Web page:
Wade payroll remittance problems can help business owners operate their business says Edmonton small business accountant. The penalties for underpaying source deductions or paying late is huge and CRA is quite aggressive in collecting, so it’s definitely in the business owner’s best interest to get educated on how to avoid those issues as soon as possible.
One of the first things business owner should learn when they have employees that they start paying through payroll, is how much they need to pay in source deductions to CRA. Most employers know about the employee CPP, EI, and tax that are directly taken off of employees check, but they may not be aware that there’s additional amounts that they have to pay in source deductions to the Canada revenue agency. These additional contributions are the employer CPP and employer EI, and they are the amounts that the business owner must pay themselves to CRA. This works out to roughly 7.4% in addition to the amounts they collected from their employees. This amount recently when up in 2019, and all business owners are expected to pay it. By not paying the full amount, business owners are creating a shortfall in their source deductions that CRA will eventually find out about.
Business owners should also be aware that simply by filing their remittances even one day late, can trigger huge penalties. By being one day late on their remittances, business owners can face a 20% interest penalty. That’s after one day of having a late filing. Edmonton small business accountant says that not only is this amount huge, but Canada revenue agency will be extremely aggressive in collecting that money. It’s definitely not advised for business owners to be late in paying, or submitting to little of the money they should.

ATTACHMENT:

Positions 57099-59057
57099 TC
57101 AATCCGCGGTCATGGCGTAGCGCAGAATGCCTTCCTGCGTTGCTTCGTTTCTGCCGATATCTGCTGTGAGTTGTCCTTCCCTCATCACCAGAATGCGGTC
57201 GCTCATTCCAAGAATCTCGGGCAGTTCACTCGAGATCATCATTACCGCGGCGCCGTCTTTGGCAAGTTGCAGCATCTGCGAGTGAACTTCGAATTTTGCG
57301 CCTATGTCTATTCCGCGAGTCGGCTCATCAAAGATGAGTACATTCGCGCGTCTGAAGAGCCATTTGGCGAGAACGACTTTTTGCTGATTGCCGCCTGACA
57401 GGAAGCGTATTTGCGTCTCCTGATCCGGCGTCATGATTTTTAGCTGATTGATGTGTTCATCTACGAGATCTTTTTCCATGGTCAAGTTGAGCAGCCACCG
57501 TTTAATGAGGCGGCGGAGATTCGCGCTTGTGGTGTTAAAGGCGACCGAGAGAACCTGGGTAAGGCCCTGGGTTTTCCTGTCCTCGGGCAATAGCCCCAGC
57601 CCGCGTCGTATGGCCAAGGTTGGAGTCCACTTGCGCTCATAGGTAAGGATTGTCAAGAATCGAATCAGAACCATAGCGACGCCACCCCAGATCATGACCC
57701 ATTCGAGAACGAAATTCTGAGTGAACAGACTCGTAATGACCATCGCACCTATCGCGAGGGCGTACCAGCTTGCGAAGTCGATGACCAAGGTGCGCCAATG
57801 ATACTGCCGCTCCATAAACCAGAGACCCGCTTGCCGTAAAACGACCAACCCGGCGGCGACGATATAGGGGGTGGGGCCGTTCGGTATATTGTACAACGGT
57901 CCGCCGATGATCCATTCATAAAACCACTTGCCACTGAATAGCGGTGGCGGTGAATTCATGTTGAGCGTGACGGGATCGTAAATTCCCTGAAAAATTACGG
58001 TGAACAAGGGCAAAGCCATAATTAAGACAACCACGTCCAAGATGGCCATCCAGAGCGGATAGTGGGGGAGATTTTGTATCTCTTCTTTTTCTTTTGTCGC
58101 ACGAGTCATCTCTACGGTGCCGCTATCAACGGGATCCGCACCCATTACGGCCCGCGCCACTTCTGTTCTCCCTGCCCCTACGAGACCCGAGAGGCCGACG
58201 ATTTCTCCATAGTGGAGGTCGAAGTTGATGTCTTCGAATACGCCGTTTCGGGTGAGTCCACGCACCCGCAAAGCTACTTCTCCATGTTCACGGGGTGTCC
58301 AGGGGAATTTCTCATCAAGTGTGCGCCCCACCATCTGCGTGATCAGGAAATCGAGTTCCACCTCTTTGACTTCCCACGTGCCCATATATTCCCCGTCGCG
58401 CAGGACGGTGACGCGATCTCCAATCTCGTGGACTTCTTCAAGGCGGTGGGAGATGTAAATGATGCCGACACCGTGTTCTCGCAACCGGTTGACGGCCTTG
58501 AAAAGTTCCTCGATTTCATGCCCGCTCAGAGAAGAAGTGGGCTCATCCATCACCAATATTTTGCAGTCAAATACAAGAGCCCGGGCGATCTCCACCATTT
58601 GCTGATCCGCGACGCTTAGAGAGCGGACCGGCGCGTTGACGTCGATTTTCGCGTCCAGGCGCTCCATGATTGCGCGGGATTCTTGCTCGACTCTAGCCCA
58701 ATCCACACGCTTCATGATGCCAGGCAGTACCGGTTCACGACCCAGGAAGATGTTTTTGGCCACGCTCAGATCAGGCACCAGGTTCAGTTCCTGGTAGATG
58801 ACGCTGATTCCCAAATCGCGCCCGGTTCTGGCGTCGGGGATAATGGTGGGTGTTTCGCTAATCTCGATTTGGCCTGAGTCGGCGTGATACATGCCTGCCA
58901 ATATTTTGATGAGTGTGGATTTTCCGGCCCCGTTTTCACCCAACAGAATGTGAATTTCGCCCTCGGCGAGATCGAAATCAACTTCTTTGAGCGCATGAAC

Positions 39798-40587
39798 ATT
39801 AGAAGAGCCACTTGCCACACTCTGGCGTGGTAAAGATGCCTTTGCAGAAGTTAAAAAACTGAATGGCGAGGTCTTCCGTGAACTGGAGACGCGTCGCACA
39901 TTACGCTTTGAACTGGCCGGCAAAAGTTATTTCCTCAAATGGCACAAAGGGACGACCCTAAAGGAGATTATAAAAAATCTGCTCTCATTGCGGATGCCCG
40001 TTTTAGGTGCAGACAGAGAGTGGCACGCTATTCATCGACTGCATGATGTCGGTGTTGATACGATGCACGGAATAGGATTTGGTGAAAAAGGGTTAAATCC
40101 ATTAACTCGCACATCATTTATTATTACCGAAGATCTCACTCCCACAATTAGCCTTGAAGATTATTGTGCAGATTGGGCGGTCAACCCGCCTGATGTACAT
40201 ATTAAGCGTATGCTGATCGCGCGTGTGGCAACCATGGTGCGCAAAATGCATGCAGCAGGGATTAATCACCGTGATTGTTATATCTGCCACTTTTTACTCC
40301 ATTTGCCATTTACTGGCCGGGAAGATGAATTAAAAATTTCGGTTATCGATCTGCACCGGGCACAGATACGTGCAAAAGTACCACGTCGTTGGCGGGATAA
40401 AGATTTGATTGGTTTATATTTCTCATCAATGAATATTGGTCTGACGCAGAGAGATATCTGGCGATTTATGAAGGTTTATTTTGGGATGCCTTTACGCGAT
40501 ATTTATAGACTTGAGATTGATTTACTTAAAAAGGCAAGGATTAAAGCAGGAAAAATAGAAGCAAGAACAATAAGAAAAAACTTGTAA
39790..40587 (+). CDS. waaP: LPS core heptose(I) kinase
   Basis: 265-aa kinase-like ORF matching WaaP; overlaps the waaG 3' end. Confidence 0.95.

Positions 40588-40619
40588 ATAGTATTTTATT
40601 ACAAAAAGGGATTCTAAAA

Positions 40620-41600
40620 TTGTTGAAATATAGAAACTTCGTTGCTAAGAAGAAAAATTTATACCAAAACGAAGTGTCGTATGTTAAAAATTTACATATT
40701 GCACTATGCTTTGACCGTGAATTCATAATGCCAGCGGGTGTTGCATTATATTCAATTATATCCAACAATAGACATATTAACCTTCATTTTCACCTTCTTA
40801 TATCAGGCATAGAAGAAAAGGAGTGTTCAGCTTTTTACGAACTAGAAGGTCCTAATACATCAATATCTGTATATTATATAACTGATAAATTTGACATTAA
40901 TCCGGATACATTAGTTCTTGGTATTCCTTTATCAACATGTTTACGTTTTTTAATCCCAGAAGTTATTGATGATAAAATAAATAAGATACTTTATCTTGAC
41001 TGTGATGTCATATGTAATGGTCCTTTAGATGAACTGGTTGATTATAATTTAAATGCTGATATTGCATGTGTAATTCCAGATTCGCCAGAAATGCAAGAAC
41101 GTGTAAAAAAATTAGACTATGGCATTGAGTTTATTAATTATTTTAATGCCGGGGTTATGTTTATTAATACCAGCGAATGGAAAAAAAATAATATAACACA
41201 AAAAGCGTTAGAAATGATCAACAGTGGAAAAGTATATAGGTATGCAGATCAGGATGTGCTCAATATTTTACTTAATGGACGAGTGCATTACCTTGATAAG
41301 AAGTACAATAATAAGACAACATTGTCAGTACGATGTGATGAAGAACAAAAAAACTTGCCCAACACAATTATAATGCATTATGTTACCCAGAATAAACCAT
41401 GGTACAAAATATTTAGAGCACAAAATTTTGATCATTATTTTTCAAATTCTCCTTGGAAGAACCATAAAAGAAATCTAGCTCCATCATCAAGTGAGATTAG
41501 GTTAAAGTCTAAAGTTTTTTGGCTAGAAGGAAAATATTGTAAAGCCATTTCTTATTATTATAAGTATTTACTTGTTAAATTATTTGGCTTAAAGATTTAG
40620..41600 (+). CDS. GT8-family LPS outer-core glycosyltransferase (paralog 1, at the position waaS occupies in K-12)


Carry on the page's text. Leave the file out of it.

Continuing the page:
The best way for business owners to avoid having a late payment on their source deductions, is to get into the habit of sending in the payment at the same time the business owner is doing payroll. Edmonton small business accountant says that this is extremely easy for businesses to do, since they are already running how much to deducted from the employees checks, that continuing to calculate how much they should give CRA and then sending a check at the same time they send a check to their staff, is an easy habit to get into. Even though the payments aren’t due until the 15th day of the month in the month following the paycheck, that’s leading a lot of things for a business owner to remember. If business owners can trigger huge interest penalty just by being a single day late, to avoid this, they should aim to pay early and in a way that makes sense.
Business owners should also understand that they will be held personally liable for source deductions that are owed to CRA whether they still own their business or not. Businesses that are ready to cash flow problems, may think that it can be effectively by extra time, and when it doesn’t work, the end of having to pay for that mistake for years to come.